In the context of teaching that an animal that had become sanctified by means of temura (i.e. the owner of a sanctified animal attempted to switch the sanctity onto another animal so that ultimately each become sanctified) cannot cause another animal to become sanctified by means of temura – ein temura oseh temura – the Mishna on today’s daf lists a number of similar laws. One of them is the rule that ein beit haperas osin beit haperas – one beit haperas does not create another beit haperas.
A beit haperas is a place the Sages decreed ritually impure, as though it were a cemetery. The law of a beit haperas teaches that a field that has doubtful status regarding ritual defilement of a dead body must be treated stringently. When we know that there was a grave in a given field, when that field is plowed the doubtful ritual status may be created either because we fear that the plowing may have dislodged bones that now may be spread throughout the field or that the grave was “lost” and we cannot be certain where the body is buried.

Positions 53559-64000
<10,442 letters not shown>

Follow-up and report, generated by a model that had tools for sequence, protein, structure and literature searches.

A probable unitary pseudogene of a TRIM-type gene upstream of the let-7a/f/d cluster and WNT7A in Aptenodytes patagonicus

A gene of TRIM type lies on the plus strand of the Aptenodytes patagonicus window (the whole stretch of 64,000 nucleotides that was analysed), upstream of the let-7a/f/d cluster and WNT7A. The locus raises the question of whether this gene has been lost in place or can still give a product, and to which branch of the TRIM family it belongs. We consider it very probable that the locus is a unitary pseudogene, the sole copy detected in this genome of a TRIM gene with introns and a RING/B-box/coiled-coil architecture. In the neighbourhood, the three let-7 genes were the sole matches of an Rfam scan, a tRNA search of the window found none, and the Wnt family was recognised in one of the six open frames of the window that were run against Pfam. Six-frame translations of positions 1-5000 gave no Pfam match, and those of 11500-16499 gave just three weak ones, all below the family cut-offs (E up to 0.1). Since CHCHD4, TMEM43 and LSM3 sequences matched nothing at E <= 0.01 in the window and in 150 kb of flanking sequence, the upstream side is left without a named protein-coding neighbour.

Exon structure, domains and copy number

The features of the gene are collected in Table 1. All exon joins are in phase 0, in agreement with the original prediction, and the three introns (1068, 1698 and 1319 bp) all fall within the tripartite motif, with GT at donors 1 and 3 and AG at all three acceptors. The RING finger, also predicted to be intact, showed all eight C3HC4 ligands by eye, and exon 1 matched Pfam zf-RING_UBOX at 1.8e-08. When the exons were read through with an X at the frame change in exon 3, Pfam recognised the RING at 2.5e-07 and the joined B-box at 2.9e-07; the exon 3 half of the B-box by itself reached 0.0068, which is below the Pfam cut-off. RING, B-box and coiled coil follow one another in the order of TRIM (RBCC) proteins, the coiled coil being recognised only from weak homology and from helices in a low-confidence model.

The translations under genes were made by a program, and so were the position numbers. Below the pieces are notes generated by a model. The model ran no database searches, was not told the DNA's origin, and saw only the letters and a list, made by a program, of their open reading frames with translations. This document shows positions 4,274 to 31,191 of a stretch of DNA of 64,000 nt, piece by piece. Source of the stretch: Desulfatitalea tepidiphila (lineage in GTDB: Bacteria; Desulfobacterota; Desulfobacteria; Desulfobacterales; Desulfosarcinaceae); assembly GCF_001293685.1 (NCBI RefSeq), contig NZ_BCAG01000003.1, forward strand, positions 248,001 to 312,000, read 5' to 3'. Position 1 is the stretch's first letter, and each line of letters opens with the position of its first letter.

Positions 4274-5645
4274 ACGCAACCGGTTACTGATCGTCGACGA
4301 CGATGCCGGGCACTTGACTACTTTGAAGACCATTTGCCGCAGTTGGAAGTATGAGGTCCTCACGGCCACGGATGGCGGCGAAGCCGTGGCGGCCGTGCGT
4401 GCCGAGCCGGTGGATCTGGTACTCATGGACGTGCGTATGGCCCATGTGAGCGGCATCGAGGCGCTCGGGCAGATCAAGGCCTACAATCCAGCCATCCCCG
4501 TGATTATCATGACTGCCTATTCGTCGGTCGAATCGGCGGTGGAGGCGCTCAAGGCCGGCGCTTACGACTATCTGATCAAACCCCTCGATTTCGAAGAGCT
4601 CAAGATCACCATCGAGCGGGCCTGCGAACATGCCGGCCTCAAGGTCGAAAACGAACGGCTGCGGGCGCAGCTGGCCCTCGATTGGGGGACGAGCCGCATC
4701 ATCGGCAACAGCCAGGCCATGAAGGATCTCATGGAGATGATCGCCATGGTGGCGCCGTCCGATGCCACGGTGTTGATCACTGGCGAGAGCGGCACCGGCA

With regard to the source of this expression, Rashi and Tosafot agree that the word peras means “broken” and that we fear that the original grave and its contents have been broken by the plowing. According to the Rambam, the term peras means “spread out,” since we treat the field as if the ritual defilement is spread across the entire field. Others suggest that the source may be Greek expressions meaning “courtyard” or a place that cannot be crossed.
The rule that ein beit haperas osin beit haperas teaches that if someone has adjoining fields, one of which contains a grave, if that field is plowed giving it the status of a beit haperas, plowing from there into the adjoining field will not cause that field to become a beit haperas, as well.